Figure 3. Potential energy along one replica of quantum PIMD trajectories of (from top to bottom) the methane molecule, CH4, the protonated methane complex, CH5+, the hydronium cation, H3O+, and the Zundel cation, H5O2+, at 1.67 K using neural network potentials (NNPs). The coupled cluster CCSD(T*)-F12a/AVTZ reference data (CC) were obtained by recomputing the energies at each step of the NNP trajectories and are shown as red dotted lines. All energies are reported relative to the equilibrium structures of the respective global minima. Figure from Reference [10].

A similar technique has been used successfully to describe the weak van der Waals interactions of helium with molecular species, see Figure 4.

Figure 4. Left: Spatial distribution functions (SDFs) of helium atoms around a fixed molecular impurity, as sampled from PIMC simulations at 1.67 K. The solute ... helium interaction energies are interpolated from pre-computed values on a grid using either the neural network potential (NNP: left column) or single-point counterpoise-corrected coupled cluster calculations, CCSD(T*)-F12a/AVTZcp (CC: right column). Right: Radial distribution functions for oxygen-helium (main) and hydrogen-helium (inset) for frozen H5O2+ configurations in bulk helium in a selected orientation close to the minimum energy structure (“minimum,” top), in a flat orientation (“flat,” middle), and in an asymmetric proton transfer situation (“asymm,” bottom) centered in a truncated octahedron periodic supercell hosting in addition 88 He atoms. Figures from References [ 9 , 10].

We are currently working on generalizing the HD-NN approach to the description of other properties than energies and forces.

If you are interested in using RubNNet4MD please contact us via email at
theochem@theochem.rub.de.

 

References

[1] J. Behler and M. Parrinello, Generalized Neural-Network Representation of High-Dimensional Potential-Energy Surfaces, Phys. Rev. Lett. 98, 146401 (2007)

[2] J. Behler, Representing potential energy surfaces by high-dimensional neural network potentials, J. Phys.: Condens. Matter 26, 183001 (2014)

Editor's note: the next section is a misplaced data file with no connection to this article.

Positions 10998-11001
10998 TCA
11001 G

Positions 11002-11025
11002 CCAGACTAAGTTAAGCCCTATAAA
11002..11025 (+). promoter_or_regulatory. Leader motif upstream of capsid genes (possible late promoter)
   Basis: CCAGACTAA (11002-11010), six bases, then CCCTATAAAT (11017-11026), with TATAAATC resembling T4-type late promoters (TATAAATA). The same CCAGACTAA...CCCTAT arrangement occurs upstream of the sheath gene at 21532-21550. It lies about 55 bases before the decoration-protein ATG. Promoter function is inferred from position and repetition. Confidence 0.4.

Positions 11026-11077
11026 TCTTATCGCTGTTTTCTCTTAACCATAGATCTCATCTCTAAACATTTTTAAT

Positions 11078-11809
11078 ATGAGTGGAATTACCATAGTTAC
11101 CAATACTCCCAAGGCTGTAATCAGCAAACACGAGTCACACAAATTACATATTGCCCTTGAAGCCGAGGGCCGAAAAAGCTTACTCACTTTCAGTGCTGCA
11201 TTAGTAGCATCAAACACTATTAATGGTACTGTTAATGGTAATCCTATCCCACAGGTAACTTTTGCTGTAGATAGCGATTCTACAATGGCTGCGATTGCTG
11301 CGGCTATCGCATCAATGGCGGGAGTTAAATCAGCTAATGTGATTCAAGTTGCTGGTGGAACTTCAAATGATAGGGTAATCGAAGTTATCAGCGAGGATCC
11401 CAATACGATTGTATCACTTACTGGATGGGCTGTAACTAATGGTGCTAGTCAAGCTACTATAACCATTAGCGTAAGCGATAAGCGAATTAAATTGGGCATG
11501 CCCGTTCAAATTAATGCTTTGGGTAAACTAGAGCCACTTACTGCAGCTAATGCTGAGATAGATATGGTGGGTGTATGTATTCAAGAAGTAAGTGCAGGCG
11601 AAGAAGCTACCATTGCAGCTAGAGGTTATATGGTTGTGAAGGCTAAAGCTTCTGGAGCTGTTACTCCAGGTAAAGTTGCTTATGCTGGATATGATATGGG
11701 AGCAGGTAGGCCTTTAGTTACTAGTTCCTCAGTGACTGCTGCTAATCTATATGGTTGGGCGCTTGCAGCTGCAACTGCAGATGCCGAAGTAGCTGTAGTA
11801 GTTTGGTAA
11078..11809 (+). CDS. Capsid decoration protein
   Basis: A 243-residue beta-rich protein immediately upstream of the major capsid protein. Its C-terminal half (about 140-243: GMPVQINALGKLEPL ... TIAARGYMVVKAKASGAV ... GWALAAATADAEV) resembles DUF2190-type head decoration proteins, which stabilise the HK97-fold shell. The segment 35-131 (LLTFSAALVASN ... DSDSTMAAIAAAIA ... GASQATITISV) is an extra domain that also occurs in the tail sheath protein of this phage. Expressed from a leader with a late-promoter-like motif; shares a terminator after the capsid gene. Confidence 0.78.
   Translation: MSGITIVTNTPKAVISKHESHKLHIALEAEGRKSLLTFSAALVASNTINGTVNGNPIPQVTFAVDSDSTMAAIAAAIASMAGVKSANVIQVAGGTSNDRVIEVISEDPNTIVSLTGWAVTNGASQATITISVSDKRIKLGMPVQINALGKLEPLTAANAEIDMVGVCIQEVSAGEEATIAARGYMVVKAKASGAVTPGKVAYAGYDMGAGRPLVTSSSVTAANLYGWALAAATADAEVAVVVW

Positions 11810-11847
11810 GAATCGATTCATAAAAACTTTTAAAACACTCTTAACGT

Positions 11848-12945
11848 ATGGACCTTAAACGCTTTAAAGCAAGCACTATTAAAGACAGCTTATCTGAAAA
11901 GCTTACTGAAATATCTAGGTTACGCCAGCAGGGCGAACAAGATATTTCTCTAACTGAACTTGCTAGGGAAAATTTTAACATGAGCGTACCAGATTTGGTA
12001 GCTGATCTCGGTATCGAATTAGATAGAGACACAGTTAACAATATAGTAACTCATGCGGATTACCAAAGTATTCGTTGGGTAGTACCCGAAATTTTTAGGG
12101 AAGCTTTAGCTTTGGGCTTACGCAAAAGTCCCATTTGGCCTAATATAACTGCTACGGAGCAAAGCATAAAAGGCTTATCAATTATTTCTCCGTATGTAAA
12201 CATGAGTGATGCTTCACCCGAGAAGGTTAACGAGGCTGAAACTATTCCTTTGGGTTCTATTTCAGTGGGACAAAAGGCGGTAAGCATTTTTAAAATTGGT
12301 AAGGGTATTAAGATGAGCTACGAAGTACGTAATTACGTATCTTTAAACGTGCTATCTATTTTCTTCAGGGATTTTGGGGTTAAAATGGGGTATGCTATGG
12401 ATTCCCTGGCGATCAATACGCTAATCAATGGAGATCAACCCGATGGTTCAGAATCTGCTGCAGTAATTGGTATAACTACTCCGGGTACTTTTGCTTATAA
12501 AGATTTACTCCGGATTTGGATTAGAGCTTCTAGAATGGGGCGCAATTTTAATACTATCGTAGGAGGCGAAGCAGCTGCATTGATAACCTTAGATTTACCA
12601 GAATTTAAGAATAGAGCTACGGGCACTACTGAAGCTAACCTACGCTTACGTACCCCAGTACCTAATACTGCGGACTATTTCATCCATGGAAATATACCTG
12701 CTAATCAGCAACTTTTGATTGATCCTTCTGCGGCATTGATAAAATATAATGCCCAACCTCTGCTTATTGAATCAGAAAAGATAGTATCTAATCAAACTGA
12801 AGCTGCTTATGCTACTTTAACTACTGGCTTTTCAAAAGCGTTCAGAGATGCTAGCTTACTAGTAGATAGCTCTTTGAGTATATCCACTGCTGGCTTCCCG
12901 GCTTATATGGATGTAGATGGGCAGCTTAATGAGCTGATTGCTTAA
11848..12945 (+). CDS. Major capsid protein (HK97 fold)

[3] J. Behler, Constructing high‐dimensional neural network potentials: A tutorial review, Int. J. Quantum Chem. 115, 1032 (2015)

[4] J. Behler, First Principles Neural Network Potentials for Reactive Simulations of Large Molecular and Condensed Systems, Angew. Chem. Int. Ed 56, 12828 (2017)

[5] J. Behler, Atom-centered symmetry functions for constructing high-dimensional neural network potentials, J. Chem. Phys. 134, 074106 (2011)

[6] C. Schran, J. Behler, and D. Marx, Automated Fitting of Neural Network Potentials at Coupled Cluster Accuracy: Protonated Water Clusters as Testing Ground, J. Chem. Theory Comput. 16, 88 (2020)

[7] J. Behler, RuNNer: A program for constructing high-dimensional neural network potentials; Georg-August-Universität Göttingen, Germany, https://www.uni-goettingen.de/de/560580.html

[8] C. Schran, F. Brieuc, and D. Marx, Converged Colored Noise Path Integral Molecular Dynamics Study of the Zundel Cation Down to Ultralow Temperatures at Coupled Cluster Accuracy, J. Chem. Theory Comput. 10, 5068 (2018)

[9] C. Schran, F. Uhl, J. Behler, and D. Marx, High-dimensional neural network potentials for solvation: The case of protonated water clusters in helium, J. Chem. Phys. 148, 102310 (2018)

[10] F. Brieuc, C. Schran, F. Uhl, H. Forbert, and D. Marx, Converged quantum simulations of reactive solutes in superfluid helium: The Bochum perspective, J. Chem. Phys. 152, 210901 (2020)

[11] R. Topolnicki, F. Brieuc, C. Schran, D. Marx, Deciphering High-order Structural Correlations within Fluxional Molecules from Classical and Quantum Configurational Entropy, (under review)

 

Acknowledgement

It gives us great pleasure to thank Professor Jörg Behler for an enjoyable initial collaboration on his HD-NNP technique as well as for precious discussions while developing our implementation.

 

Bookmark

https://www.theochem.rub.de/go/RubNNet4MD.html

https://www.theochem.rub.de/go/rubnnet4md.html